With charger # 202 and 203 slated to ship tomorrow, and still not a lot of hard data to help us figure out how to rebuild a pack as cheaply and long lasting as possible, I wanted to get some answers, and while I would love to be tracing all 120 cells at the same time, the next best thing is to at least know what the individual subpacks are doing.
Yes the best solution is rebuilding the pack with new sticks, and yes if we have no way to determine where the sticks in the pack are in relation to each other or to a really good pack, we are going to have many false rebuilds with old sticks, but if we can start to really quantify the stick level condition under real world level testing, I expect that a pack built from used sticks that were matched properly could lase a lot more than 6 months.
An in car stick level datalogging system could go far to identify which packs are worth fixing and which are not. What is missing id the data, so this is the prototype of something better, as well as being a quick and dirty analysis tool.
I can tell you that there are many many people out there with an Insight or civic that they cannot afford to put a battery into, and cannot afford to get a new pack. They are willing to work hard to fix their old pack and just need the guidance on how to best determine the bad sticks, and to have a good source for sticks with known characteristics that will work within the rest of their pack sticks window.
The meters will be replaced with stick level isolated monitors that report to a central master that will examine the relationship of the 20 sticks under real world in car conditions, similar to a cell level BMS system, and I expect to learn a lot on the way to my A123 lithium BMS which will be the spinoff of the work.
As I mentioned in another post, After we build up the rest of the chargers (250 total), I will take a break from charger construction, and get going on the other hot projects that have been neglected.
2 days to design and build this fixture, and I can start learning with it. Not elegant, but fast and useful.
Always looking for a better window into what is happening in the batteries.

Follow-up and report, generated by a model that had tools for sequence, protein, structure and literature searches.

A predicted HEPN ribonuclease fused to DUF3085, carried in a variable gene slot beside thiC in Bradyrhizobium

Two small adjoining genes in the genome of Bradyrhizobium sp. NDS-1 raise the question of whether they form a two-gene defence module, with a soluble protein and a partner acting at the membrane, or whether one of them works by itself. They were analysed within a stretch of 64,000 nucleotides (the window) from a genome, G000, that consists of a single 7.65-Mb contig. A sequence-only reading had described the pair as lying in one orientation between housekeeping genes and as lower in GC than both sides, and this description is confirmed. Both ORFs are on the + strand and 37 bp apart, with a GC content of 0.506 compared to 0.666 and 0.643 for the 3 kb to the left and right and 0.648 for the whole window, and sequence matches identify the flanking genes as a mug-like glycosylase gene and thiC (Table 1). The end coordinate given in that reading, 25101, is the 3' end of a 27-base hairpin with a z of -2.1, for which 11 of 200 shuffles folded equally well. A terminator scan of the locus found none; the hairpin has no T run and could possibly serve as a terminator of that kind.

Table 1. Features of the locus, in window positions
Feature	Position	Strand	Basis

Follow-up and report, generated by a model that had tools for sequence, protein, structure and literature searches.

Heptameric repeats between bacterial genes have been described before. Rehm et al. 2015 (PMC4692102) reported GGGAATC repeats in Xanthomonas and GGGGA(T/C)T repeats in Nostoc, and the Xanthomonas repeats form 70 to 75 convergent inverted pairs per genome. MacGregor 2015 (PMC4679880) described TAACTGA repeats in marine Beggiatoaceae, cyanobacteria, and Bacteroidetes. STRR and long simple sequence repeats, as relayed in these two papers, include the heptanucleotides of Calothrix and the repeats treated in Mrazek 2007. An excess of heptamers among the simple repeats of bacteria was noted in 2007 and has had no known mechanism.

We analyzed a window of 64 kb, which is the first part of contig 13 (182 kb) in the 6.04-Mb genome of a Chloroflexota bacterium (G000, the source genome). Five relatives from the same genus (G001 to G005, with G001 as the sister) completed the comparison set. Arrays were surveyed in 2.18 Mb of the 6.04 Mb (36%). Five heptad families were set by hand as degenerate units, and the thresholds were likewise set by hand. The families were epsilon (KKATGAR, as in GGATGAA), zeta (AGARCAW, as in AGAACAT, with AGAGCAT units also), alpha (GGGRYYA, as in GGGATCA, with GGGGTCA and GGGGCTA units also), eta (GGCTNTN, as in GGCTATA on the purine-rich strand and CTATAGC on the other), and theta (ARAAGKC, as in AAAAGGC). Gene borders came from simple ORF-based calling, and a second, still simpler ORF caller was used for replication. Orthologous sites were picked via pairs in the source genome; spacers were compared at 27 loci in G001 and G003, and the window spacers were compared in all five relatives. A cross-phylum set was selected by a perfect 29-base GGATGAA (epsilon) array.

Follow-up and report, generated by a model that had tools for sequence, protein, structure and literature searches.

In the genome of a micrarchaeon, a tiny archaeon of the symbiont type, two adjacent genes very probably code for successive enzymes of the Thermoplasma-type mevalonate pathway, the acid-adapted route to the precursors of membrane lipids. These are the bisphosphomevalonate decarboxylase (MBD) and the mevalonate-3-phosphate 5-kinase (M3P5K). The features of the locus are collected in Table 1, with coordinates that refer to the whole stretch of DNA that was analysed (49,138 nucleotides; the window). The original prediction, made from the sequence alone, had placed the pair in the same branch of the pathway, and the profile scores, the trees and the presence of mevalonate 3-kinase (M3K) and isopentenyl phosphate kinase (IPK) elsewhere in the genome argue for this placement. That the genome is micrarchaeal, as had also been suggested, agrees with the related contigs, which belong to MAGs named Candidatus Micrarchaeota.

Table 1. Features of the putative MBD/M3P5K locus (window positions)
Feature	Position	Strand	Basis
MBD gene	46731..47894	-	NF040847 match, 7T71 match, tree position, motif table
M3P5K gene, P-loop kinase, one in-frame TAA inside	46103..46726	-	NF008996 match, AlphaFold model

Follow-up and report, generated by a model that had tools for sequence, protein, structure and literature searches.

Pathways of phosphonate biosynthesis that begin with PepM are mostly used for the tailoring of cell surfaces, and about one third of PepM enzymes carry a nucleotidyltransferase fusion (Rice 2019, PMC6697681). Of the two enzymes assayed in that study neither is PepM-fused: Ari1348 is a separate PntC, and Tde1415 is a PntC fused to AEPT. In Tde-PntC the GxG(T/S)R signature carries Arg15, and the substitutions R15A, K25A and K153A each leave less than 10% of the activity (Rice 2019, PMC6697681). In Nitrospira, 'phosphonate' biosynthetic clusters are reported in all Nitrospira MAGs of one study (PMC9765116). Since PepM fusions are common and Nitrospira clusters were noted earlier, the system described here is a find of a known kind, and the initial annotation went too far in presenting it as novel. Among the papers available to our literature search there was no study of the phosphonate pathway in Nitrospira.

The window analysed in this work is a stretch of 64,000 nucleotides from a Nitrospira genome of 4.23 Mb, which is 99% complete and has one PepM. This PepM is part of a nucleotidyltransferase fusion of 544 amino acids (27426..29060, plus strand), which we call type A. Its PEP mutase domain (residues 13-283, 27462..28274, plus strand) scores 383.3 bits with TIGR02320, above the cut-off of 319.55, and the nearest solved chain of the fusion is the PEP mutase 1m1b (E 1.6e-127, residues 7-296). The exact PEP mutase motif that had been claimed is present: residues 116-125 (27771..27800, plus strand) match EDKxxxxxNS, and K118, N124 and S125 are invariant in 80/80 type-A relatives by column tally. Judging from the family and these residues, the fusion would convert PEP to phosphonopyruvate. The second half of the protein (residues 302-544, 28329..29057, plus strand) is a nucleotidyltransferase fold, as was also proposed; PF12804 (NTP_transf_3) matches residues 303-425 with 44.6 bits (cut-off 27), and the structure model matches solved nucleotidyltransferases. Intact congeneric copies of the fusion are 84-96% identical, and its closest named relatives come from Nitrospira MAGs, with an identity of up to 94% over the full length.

I have 2 old packs that will soon move to the tester as the sticks get replaced with the new MaxIMA sticks that I just ran two weeks of test on. A one page photo showing some full discharges at ~ 75A are compiled here:
At the bottom are discharge traces from two of the better sticks pulled from my first cell level test of my 170K original pack.
I have 60 or more traces of the 20 MaxIMA sticks, but they all are quite similar as you can see in the photo
Lots of info there, but you need to zoom in. The key data is that the MaxIma sticks all put out 6.15 to 6.3AH under this 5-6 minute complete draining of the stick at > 75A the whole time. The two stock sticks could not make it to 5AH under the same conditions, while showing similar temperature rises. The new sticks had better IR (voltage under discharge was higher).
On other traces of not so good old sticks, the higher IR caused the temp to rise to over 130F after only 2- 3AH.
So much to learn, so little time, but it is interesting and fun.
I did some interrupted discharges to let the process proceed with less temperature rise, and always dropped out at just about the same AH, so the delay does not change much.
The disabled discharge test which is shown in the new photo here:
Shows how the one stick was droping out much faster than the rest, and the only way to get below that point it to let it reverse, and see where the rest of the pack is.